PRINCE GEORGE'S TRIAL
Accountant Denies Aiding Bribe Scheme
Thursday, July 6, 2006
An Upper Marlboro accountant, testifying at his own trial yesterday, denied that he conspired with two Prince George's County officials to demand a $250,000 bribe from a security company in exchange for a county contract worth more than $1 million.
At the trial, which is winding toward conclusion after six days of testimony, prosecutors have accused accountant Paul L. Wright of serving as the bagman in a 2004 bribery scheme targeting Interior Systems Inc. They allege that payments in exchange for the contract were to be laundered through one of Wright's companies.
The investigation by State Prosecutor Robert A. Rohrbaugh, in cooperation with the FBI and other agencies, has led to the conviction of Robert L. Isom, the former deputy director of the county Department of Environmental Resources. Isom pleaded guilty to conspiracy to commit bribery last September and testified against Wright last week.
As the prosecution and Isom described it, the cost of the scheme would have been borne by taxpayers: ISI, a subcontractor, was to recover the cost of the bribery payments through change orders that were to be approved by county staff after the contract was awarded.
Wright's trial in Prince George's Circuit Court has offered a preview of the evidence prosecutors will probably present next month at the trial of the official they have painted as the ringleader, Robert L. Thomas, the former deputy director of the county's Office of Central Services.
"Mr. Thomas could sell his integrity for big bucks," Deputy State Prosecutor Thomas M. McDonough said in opening statements last week. "There was just one flaw in that plan," he added later. "They picked the wrong guys to ask for the money."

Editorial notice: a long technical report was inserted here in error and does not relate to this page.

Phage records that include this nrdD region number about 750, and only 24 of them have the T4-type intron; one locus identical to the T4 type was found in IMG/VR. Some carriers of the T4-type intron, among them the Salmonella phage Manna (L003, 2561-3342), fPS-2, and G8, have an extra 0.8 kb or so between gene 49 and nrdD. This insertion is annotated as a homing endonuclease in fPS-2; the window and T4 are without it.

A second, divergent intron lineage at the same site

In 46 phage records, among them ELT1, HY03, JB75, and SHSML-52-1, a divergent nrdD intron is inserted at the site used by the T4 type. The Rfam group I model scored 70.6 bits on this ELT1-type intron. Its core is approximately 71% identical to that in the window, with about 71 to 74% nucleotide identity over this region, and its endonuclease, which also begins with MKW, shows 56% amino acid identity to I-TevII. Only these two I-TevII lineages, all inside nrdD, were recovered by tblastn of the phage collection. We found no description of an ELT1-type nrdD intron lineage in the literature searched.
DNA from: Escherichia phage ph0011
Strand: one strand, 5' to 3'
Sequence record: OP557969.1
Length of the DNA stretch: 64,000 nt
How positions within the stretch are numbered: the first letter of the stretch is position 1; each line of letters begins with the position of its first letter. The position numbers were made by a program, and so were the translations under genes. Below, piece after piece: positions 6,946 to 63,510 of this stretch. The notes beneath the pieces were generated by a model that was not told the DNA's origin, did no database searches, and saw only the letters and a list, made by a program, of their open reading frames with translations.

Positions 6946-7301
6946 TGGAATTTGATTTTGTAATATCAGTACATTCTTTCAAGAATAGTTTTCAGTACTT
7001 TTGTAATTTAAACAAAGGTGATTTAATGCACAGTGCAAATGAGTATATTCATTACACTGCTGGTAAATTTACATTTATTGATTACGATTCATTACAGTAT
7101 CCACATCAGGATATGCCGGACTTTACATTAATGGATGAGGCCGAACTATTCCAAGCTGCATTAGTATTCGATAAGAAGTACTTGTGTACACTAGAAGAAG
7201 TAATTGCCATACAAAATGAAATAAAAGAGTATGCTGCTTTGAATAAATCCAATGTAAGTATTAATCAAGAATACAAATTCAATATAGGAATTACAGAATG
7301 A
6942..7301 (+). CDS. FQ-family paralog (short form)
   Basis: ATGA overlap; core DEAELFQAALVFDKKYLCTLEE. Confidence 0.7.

Thomas's attorney, William C. Brennan, who watched Wright's testimony yesterday, declined to comment last night.
Wright testified yesterday that he believed the $10,000 payment to his company in November 2004 -- more were to follow -- was part of a legitimate consulting arrangement. Wright said he did not realize that Thomas, his business associate and an acquaintance of nearly a decade, was a county employee.
Wright's attorneys, Carol Elder Bruce and Anthony J. Pagano, have suggested that their client was unwittingly used by Thomas.
ISI employee Melvin Pulley testified that he bumped into Isom at a restaurant in September 2004 and that the two chatted about the county business ISI was seeking with its partner in the arrangement, primary contractor ADT/Tycho. The next day, Pulley testified, he received a call from Isom.
"He asked me, would ISI play," Pulley testified. "I said, sure, as long as ISI knew what the game was."
The two revisited the topic at lunch several days later, when Isom slid a note across the table, Pulley testified.
"He said, I have something for you but I want you to read this just in case you're wired," Pulley said in testimony that was largely corroborated by Isom.
The note guaranteed the contract, with change orders that Thomas would authorize, in exchange for the bribe, both men testified.
Pulley told his bosses at ISI, and the company called the authorities. For several months, ISI officials secretly recorded phone calls and meetings at which the arrangement -- in varying degrees of specificity and ambiguity -- was discussed.
Yesterday, Wright said Thomas approached him in October 2004 and asked that he draft a consulting agreement to work with companies seeking business in the Washington area.
Wright -- unaware, he said, of the conflict presented by Thomas's work as a county employee -- testified that he considered it "a good, legitimate business opportunity."